COLUMBUS, Ohio — The famous intensity combined with a fierce loyalty to Ohio State never faded for Earle Bruce.
Even into his late 80s with his health slipping, the legendary former coach of the Buckeyes would take a seat in the back of the press box and fill up an otherwise-quiet room with the kinds of sounds that only somebody who had commanded the sideline could make.
He could still get worked up over the importance of The Game. He would make any effort needed to swing by the practice field despite his battle with Alzheimer’s, which provided one last fight for a guy who made a career out of never backing down.
And, of course, he had the ear of the man currently in charge of his beloved Buckeyes, his protégé Urban Meyer.
“My mentor,” Meyer said last year while introducing Bruce at a coaching clinic. “Those of you who know me know that other than my father, he’s the most influential person I’ve ever been around.”
That powerful influence is still felt at Ohio State, and there is no question Meyer will protect the legacy of Bruce with every ounce of effort inside him.
Meyer won’t be alone. Not with Bruce’s grandson Zach Smith coaching receivers, or running backs coach Tony Alford having played under Bruce in college, or staffer Tim Hinton having cut his teeth on his staff in the 1980s.
Even after the difficult act of following Woody Hayes came to an ignominious end with the band playing on Bruce’s lawn the night of his firing — one of the earliest memories for Smith, for the record — his love affair with the scarlet and gray never ended. And while it does occasionally get overlooked that he was a damn-fine coach who earned his spot in the College Football Hall of Fame, it probably will be his eye for talent that ensures his lasting impact with the program.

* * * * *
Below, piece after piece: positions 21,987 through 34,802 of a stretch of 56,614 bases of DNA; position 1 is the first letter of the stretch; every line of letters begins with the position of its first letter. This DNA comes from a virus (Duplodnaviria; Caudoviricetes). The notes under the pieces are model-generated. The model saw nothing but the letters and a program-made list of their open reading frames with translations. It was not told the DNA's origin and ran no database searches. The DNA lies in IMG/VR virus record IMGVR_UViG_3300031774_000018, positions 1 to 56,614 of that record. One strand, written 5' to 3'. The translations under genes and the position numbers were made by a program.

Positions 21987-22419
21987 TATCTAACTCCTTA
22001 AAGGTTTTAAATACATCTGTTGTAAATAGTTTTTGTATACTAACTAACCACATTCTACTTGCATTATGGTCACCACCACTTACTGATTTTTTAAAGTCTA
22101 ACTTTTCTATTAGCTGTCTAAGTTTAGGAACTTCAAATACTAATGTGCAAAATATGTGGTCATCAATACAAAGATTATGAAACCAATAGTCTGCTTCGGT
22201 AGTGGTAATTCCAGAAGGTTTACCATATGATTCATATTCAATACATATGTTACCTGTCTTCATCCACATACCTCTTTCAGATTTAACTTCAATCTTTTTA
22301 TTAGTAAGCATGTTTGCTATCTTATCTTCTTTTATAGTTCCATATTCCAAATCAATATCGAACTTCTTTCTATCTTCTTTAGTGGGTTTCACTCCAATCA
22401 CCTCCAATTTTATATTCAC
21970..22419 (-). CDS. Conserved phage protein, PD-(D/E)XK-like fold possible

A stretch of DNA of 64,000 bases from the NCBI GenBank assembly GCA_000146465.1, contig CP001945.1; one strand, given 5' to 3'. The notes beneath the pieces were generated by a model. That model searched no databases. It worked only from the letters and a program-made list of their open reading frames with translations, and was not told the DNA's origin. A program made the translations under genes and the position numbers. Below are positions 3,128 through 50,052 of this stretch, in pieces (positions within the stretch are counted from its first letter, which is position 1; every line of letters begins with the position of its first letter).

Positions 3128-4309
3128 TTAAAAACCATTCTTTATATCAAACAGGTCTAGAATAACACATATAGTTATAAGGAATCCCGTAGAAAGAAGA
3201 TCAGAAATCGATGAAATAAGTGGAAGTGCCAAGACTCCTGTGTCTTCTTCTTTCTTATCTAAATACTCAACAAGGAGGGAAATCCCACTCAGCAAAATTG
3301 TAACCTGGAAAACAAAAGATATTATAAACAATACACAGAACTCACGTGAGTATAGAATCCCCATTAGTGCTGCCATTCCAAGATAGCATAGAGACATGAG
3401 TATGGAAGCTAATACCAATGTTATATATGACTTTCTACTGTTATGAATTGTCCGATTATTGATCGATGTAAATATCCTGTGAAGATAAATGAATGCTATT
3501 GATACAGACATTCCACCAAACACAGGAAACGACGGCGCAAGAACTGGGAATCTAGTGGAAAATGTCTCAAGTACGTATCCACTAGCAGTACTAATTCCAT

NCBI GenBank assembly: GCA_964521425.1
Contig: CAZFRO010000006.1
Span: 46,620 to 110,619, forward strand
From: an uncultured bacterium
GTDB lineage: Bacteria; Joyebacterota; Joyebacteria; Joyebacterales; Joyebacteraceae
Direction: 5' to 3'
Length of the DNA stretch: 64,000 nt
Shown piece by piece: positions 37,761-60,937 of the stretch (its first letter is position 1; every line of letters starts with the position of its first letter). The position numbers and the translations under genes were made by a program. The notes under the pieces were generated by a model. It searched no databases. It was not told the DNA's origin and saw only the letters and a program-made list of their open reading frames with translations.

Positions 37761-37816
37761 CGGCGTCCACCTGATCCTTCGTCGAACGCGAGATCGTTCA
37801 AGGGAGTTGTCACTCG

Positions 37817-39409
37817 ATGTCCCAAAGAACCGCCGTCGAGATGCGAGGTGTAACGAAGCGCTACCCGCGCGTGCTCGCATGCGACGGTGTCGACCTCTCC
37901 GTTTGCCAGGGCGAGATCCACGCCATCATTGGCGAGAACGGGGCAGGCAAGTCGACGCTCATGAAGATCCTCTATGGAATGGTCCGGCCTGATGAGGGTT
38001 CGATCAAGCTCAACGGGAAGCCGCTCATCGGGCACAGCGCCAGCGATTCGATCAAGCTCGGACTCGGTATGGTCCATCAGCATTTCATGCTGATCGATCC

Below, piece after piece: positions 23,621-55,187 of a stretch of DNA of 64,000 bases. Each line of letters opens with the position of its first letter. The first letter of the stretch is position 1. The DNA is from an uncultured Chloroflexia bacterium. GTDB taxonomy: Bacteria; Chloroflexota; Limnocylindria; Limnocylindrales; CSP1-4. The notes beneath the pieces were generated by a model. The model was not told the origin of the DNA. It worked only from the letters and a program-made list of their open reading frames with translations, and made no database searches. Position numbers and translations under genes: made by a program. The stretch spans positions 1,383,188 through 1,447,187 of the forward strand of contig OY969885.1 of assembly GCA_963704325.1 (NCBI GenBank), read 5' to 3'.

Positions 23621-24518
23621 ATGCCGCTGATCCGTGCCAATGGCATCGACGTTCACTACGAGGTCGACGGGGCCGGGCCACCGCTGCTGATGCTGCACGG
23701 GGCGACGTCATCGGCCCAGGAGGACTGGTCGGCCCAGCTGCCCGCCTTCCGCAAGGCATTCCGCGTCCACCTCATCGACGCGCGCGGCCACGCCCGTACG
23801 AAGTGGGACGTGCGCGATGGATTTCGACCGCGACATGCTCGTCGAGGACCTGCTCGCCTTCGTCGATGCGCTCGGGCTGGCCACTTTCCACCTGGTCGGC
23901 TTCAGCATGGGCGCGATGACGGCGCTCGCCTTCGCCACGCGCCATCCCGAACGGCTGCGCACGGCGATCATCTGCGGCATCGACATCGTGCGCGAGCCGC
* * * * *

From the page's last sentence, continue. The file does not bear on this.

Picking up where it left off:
Over the course of his career, Bruce hired four assistants in Meyer, Jim Tressel, Nick Saban and Pete Carroll who would go on to win national championships. That’s just the top of the list of coaches who would learn the game under his wing, and as far as teachers go he clearly was a great one.
“I’ve made it clear many times that, other than my father, Coach Bruce was the most influential man in my life,” Meyer said in a statement Friday morning. “Every significant decision I’ve made growing up in this profession was with him involved in it. His wife [Jean] and he were the role models for Shelley and me. They did everything with class.
“He was not afraid to show how much he loved his family and cared for his family.”
Bruce also could win football games, recording 81 victories with the Buckeyes from 1979 to 1987, twice winning the Big Ten outright and twice splitting the title. Back then, he seemingly was never quite able to escape the shadow of the mythical figure who converted him from player to coach in 1951 when a torn meniscus turned Bruce from a sophomore running back into a member of Hayes’ staff.
The passage of time has helped put Bruce’s accomplishments in a clearer light, and he did more than enough to earn his place as one of the giants in the history of the storied program. Ohio State will mourn the loss of Bruce, and it will weigh heavily on every life he touched during his career — and after it in his second life ranting in the press box.
He won’t soon be forgotten. And it’s clear every day that his influence on the Buckeyes won’t fade anytime soon.